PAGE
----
Typically commonly occurring fossils that had a widespread geographic distribution such as brachiopods, trilobites, and ammonites work best as index fossils.If the fossil you are trying to date occurs alongside one of these index fossils, then the fossil you are dating must fall into the age range of the index fossil. In a hypothetical example, a rock formation contains fossils of a type of brachiopod known to occur between 410 and 420 million years. There are two main methods determining a fossils age, relative dating and absolute dating.Relative dating is used to determine a fossils approximate age by comparing it to similar rocks and fossils of known ages.Absolute dating is used to determine a precise age of a fossil by using radiometric dating to measure the decay of isotopes, either within the fossil or more often the rocks associated with it.The majority of the time fossils are dated using relative dating techniques.So, often layers of volcanic rocks above and below the layers containing fossils can be dated to provide a date range for the fossil containing rocks.The atoms in some chemical elements have different forms, called isotopes.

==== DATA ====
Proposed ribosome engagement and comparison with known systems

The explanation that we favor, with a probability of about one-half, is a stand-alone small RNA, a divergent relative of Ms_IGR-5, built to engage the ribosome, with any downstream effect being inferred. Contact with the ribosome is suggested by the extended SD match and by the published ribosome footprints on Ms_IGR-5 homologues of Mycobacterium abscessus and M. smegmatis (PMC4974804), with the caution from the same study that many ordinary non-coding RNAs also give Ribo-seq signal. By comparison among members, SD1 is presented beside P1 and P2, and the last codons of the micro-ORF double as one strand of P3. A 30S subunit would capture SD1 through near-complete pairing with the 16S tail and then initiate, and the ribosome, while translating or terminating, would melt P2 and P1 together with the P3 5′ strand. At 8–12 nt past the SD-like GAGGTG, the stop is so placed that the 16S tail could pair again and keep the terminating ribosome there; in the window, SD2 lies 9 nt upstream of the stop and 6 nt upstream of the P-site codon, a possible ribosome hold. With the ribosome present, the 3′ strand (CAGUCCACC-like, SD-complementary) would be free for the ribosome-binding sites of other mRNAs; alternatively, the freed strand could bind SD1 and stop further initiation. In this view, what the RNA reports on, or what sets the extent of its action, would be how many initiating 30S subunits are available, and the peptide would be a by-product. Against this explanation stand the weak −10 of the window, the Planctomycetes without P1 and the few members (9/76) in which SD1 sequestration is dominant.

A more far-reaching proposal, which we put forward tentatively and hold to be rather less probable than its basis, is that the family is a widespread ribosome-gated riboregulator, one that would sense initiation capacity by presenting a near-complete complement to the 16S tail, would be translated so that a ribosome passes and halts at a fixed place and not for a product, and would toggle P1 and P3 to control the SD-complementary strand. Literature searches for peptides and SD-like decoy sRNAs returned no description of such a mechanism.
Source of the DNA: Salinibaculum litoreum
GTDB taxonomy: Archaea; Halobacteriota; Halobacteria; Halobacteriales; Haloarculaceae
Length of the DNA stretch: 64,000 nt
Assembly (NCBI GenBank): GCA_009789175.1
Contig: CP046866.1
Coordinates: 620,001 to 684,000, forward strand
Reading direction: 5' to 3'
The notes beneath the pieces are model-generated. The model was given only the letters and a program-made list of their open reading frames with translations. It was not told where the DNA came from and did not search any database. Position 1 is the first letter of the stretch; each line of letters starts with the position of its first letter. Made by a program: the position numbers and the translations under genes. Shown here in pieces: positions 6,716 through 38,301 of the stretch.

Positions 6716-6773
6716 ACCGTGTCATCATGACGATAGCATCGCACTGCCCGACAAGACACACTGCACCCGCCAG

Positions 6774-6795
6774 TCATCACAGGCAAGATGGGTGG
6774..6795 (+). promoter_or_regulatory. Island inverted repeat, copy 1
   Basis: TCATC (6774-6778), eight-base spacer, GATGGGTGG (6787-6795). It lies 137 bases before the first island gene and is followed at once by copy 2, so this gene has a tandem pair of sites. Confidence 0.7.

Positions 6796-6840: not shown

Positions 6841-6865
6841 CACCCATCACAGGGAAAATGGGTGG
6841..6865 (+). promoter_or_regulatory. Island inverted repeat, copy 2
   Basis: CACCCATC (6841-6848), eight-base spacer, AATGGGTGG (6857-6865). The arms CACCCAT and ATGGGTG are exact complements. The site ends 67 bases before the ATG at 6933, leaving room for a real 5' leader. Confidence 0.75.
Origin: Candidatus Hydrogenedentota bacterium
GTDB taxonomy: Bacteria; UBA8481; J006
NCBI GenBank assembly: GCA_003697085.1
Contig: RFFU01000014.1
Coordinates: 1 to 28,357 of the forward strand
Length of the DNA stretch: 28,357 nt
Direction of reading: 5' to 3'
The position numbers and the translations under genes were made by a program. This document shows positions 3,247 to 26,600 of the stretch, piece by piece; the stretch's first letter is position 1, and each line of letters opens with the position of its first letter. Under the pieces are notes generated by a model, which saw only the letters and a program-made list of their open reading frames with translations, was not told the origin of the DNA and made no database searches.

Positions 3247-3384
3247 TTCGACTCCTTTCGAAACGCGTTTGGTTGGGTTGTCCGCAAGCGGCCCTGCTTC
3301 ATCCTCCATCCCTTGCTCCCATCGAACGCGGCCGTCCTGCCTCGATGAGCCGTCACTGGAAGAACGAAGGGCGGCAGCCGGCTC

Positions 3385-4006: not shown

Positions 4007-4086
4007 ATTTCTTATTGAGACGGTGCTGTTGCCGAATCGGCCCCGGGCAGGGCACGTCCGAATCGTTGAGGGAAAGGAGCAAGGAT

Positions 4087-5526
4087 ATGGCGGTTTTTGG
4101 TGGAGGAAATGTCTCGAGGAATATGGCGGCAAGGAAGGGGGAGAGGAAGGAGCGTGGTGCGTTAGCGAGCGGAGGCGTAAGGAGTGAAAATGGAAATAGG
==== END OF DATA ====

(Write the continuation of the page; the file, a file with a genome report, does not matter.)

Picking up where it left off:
By measuring the ratio of the amount of the original (parent) isotope to the amount of the (daughter) isotopes that it breaks down into an age can be determined.
Unlike people, you can’t really guess the age of a rock from looking at it.